…of which Djokovic hits another one long. Not sure this is the kind of tennis that got him the Rome title and to the final here but there’s no doubting Nadal’s level has taken off. That’s nothing to do with what happens next as Djokovic fails to find his footing and smashes one into the net before losing the next one too to face a break-point.

40-0 up to a break-point would be a shocker for most – like it was for Stefanos Tsitsipas in the semifinals – but Djokovic is made of sterner stuff and he overturns that with a winner to get it back to deuce. A poor drop-shot gives Nadal a second break-point but another drop-shot helps him bring it back to deuce.

Not for long, a couple of rallies go Nadal’s way as he breaks for the third successive time. This has been decent tennis from Djokovic, not his best, but decent, but Nadal’s playing at a different level.

Game 4

This is some excellent hitting from Djokovic but this is an extraordinary defensive play from Nadal. Forces Djokovic into hitting into the net. The next point, however, he converts the point with a brilliant smash which was set up by a solid rally.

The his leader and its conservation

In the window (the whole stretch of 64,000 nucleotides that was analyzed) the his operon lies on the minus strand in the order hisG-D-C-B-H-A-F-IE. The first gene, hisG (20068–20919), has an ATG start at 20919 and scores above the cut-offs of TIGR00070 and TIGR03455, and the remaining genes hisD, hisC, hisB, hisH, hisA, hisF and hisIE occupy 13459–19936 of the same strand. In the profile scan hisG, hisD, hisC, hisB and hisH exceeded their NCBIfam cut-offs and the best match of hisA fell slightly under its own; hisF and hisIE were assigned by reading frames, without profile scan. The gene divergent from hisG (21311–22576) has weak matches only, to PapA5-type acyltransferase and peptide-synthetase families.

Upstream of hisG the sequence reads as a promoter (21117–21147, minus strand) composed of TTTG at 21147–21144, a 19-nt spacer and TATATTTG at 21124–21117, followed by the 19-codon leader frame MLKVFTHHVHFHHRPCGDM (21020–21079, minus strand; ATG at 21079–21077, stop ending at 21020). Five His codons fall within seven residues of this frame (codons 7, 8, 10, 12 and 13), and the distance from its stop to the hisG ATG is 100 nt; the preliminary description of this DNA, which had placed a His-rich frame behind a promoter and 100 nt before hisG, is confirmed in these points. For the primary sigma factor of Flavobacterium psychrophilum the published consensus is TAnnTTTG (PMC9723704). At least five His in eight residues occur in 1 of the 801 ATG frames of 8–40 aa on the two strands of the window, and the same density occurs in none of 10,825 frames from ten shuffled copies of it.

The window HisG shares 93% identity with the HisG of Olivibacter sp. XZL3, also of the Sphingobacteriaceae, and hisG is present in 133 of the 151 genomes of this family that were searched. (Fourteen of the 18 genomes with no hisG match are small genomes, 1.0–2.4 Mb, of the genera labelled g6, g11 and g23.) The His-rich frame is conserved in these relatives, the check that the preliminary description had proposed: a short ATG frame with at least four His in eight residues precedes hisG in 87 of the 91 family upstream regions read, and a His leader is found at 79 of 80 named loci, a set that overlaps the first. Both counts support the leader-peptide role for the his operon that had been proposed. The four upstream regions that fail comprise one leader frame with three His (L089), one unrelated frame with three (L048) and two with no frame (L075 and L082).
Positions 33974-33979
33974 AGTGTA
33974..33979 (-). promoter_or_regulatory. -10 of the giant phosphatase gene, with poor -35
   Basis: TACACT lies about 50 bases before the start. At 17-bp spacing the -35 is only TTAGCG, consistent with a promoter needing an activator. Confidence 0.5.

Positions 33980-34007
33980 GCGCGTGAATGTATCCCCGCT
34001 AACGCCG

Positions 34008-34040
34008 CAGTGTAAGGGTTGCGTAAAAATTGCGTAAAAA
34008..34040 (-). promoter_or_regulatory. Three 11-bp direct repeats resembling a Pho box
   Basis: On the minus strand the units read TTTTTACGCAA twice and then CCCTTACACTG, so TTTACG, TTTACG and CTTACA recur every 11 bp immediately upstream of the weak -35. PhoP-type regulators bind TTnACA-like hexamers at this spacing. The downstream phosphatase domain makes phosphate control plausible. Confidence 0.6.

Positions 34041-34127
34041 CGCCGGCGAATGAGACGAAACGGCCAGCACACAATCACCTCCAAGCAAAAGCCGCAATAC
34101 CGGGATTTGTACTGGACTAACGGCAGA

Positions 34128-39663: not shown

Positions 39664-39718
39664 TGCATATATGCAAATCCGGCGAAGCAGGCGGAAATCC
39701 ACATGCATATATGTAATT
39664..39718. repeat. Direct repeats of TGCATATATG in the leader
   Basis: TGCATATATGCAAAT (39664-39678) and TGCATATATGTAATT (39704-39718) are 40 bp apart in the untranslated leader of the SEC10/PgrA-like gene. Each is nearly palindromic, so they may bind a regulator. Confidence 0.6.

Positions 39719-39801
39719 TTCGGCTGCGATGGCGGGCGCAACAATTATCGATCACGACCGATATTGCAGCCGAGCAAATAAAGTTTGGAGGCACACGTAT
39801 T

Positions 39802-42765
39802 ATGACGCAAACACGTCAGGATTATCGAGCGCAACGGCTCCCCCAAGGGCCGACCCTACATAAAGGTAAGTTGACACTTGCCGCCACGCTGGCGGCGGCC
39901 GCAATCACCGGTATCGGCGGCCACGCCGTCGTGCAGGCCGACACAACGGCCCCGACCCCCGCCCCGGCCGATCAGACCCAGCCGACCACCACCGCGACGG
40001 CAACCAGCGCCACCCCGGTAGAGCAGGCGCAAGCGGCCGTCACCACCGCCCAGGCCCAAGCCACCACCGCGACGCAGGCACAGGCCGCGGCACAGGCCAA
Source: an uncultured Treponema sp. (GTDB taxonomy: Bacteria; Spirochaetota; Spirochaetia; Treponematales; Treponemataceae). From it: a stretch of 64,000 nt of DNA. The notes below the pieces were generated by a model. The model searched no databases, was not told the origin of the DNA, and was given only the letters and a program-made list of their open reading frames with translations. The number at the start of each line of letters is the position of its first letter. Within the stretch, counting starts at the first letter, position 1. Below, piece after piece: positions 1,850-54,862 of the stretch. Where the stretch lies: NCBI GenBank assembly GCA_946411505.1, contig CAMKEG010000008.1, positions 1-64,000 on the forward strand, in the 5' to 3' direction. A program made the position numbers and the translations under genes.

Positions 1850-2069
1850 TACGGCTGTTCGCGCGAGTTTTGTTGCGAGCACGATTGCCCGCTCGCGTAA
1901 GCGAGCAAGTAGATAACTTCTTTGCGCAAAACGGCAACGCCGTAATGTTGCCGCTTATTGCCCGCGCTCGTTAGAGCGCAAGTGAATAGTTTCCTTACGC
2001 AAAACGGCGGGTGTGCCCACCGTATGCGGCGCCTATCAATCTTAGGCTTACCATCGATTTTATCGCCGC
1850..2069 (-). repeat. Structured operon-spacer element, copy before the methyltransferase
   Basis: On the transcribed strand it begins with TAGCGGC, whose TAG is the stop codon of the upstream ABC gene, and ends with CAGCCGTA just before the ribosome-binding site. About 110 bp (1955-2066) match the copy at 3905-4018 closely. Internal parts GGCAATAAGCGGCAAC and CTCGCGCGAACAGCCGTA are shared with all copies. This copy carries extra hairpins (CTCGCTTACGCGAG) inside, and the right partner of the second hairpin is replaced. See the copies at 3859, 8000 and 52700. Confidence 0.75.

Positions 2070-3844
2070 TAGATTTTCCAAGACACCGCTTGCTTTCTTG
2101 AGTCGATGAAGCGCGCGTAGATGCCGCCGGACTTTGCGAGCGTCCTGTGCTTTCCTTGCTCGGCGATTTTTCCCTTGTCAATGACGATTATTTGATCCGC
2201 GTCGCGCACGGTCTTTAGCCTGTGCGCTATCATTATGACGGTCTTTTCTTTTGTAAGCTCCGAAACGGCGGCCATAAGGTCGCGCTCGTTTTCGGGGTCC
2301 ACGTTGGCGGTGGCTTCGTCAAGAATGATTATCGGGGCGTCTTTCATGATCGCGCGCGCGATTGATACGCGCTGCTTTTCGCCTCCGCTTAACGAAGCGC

Many a times during a rally, Djokovic looks like he has gotten the better of his opponent only for Nadal to turn on a switch that, um, switches things around in a jiffy. And he does that again to go 30-15 up, before some excellent court coverage by Djokovic followed by a drop-shot to wow the 1000-odd spectators gets it to 30-30.

Djokovic then hits a backhand winner down the line to get his first break-point of the match, but Nadal saves it with a forehand winner of his own. Again, a break-point which comes at the behest of Djokovic converting a seemingly tough position into an excellent shot that the advancing Nadal only volleys into the net.

A working over from Nadal forces one long from Djokovic to bring it back to deuce before what can be termed as a rally of the match so far gets Djokovic his third break-point. Nadal loses his footing, still recovers to get to the ball but fails to finish off the point by hitting it into the net.

Another break-point saved, and an excellent serve from Nadal forces a poor return and game-point for a 4-0 lead. He does that with an ace to go 4-0 up. Three break-points saved in there.

Game 3

Djokovic starts off well as Nadal hits one wide but the Spaniard retaliates with a bullet forehand whipped down the line to make 15-15. Another duel goes Nadal’s way as Djokovic fails to generate enough height on the lob and the Spaniard smashes it away.